Paul Binnie, Kemuri, Tattoo Design

£400
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Kemuri_AP_paul_binnie_s&r
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Artist: Paul Binnie (1967-)
Title: Kemuri (A/P)
Date: 1995
Size: 16.4 x 24.3 cm

Kappazuri stencil print on paper.

paul binnie, tattoo design, dragon tattoo, irezumi
paul binnie, tattoo design, dragon tattoo, irezumi paul binnie, tattoo design, dragon tattoo, irezumi


The dragon motif in the tattoo of this print seems to relate to Binnie's interest in the Dojoji temple, as does the very hot colour scheme and the rising stylized white smoke. The artist's fascination with tattoos has lasted throughout his career, culminating in the series 'One Hundred Shades of Ink of Edo' in which he pays tribute to woodblock print artists of the past by reusing some of their designs on contemporary models.


Blending traditional methods with a modern style, Paul Binnie is working mostly under the influence of Shin-hanga movement, founded by the publisher Shozaburo Watanabe (1885-1962). Shozaburo was aiming to renew declining Ukiyo-e tradition and break into foreign markets by commissioning new, young artists who would work within the old co-operated system, composed of the publisher, artist, engraver and printers. However, Paul makes his own prints from beginning to the end by himself, as was done by artists of another post-war movement: Sosaku hanga.

He mostly works in several subjects such as Kabuki, tattoo, landscape and beauty prints. His original plan had been to stay in Japan less than he actually did but once he started to sell his Kabuki prints, he decided to expand his technique more and has created works of this subject until 1998 in Japan. His interest in Japanese tattoo was born when he saw Yakuza, members of the Japanese mafia who traditionally have body tattoos, bathing for the first time in a sento (Japanese-style public bath). He is still working on a series of woodblock prints of this theme. Near the end of 1997, he began to do Japanese landscape prints and these became a huge success.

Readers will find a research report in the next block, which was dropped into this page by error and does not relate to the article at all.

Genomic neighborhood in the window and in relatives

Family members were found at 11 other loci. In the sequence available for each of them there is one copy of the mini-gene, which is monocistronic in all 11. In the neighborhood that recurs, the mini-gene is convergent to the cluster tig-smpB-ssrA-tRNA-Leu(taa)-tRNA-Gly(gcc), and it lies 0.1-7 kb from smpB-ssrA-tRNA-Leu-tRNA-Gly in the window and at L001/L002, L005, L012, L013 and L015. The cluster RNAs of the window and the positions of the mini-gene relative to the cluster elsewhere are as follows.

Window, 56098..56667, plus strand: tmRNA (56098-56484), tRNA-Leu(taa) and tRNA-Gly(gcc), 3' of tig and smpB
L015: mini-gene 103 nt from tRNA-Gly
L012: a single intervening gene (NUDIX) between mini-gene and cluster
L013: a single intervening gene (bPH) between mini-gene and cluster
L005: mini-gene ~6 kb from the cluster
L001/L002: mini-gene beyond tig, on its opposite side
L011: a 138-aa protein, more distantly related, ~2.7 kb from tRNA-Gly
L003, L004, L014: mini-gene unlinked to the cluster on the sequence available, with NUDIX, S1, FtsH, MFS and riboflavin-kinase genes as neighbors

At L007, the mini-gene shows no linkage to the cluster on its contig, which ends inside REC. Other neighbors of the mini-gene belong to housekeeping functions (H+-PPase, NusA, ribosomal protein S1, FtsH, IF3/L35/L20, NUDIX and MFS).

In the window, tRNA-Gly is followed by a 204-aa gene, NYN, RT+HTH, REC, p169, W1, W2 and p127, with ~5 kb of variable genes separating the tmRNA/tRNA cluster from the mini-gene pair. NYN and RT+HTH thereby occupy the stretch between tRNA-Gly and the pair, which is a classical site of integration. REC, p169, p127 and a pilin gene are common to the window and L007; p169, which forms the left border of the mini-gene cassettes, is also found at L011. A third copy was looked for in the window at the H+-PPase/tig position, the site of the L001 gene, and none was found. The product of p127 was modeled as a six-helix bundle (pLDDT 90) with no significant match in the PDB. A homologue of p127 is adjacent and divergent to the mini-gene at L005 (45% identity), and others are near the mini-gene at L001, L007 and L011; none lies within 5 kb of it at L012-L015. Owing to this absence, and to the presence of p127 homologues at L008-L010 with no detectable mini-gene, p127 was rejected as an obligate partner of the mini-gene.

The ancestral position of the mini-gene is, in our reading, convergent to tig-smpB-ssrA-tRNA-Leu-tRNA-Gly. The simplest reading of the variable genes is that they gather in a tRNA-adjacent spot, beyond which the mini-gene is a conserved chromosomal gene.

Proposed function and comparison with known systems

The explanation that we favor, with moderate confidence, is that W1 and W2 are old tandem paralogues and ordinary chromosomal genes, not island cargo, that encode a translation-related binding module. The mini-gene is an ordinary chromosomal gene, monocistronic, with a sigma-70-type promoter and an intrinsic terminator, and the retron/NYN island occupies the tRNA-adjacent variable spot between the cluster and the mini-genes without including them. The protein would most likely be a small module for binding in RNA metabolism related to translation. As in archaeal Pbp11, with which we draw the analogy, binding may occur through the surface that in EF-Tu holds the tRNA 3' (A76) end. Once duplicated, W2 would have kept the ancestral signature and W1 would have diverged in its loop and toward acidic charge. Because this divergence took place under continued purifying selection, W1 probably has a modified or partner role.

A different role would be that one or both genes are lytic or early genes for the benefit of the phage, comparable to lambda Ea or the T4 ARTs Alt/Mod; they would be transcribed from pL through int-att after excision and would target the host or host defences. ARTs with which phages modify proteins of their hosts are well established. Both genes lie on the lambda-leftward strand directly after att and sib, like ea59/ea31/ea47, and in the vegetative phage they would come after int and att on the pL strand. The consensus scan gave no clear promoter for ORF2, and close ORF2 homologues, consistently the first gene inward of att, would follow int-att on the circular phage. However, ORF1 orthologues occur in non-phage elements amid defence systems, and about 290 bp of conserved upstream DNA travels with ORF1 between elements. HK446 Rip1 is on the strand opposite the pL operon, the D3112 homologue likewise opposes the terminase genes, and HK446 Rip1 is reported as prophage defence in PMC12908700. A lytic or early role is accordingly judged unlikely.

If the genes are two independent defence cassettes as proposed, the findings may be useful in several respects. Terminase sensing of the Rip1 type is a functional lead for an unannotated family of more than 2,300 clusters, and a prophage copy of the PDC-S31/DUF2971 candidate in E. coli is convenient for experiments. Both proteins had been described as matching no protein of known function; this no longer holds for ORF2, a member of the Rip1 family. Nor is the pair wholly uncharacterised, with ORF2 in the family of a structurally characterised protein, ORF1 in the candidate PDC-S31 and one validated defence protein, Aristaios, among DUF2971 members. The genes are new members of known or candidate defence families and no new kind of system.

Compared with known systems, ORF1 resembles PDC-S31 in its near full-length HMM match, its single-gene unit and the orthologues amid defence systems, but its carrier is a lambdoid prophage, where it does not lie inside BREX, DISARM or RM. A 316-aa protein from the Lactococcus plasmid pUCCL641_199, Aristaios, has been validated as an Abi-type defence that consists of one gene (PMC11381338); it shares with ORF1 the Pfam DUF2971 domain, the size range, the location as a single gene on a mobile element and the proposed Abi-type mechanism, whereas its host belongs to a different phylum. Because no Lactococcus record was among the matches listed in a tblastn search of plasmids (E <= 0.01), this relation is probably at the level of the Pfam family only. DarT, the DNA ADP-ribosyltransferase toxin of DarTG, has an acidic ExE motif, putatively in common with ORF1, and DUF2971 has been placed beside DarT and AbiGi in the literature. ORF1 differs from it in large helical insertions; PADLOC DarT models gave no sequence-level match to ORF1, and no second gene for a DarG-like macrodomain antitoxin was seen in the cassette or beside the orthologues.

Paul Binnie


Blending traditional methods with a modern style, Paul Binnie’s work is heavily influenced by the Shin-hanga movement, founded by the publisher Shozaburo Watanabe (1885-1962). Shozaburo aimed to renew declining Ukiyo-e tradition and break into foreign markets by commissioning new, young artists who would work within the old co-operated system, composed of the publisher, artist, engraver and printers. However, Binnie works independently, making prints from beginning to the end, as was done by artists of the post-war Sosaku hanga movement. He works across several different subjects including kabuki, tattoo, landscape and beauty prints. Binnie’s original plan of a short stay in Japan changed once he started to sell his kabuki prints. He decided to expand his technique and remained in Japan creating works of this subject until 1998. His interest in Japanese tattoo was born when he saw Yakuza, members of the Japanese mafia who traditionally have body tattoos, bathing for the first time in a sento (Japanese-style public bath). Near the end of 1997, he began to expand into Japanese landscape prints, which became a huge success.

More Information
Print FormatOther
ArtistPaul Binnie
SubjectSamurai & Male, Tattoo Design, Contemporary
Dimensions16.4 x 24.3 cm
Condition ReportExcellent condition. Kappazuri stencil print on paper.
PublisherSelf Published
FoldersIn Store, HA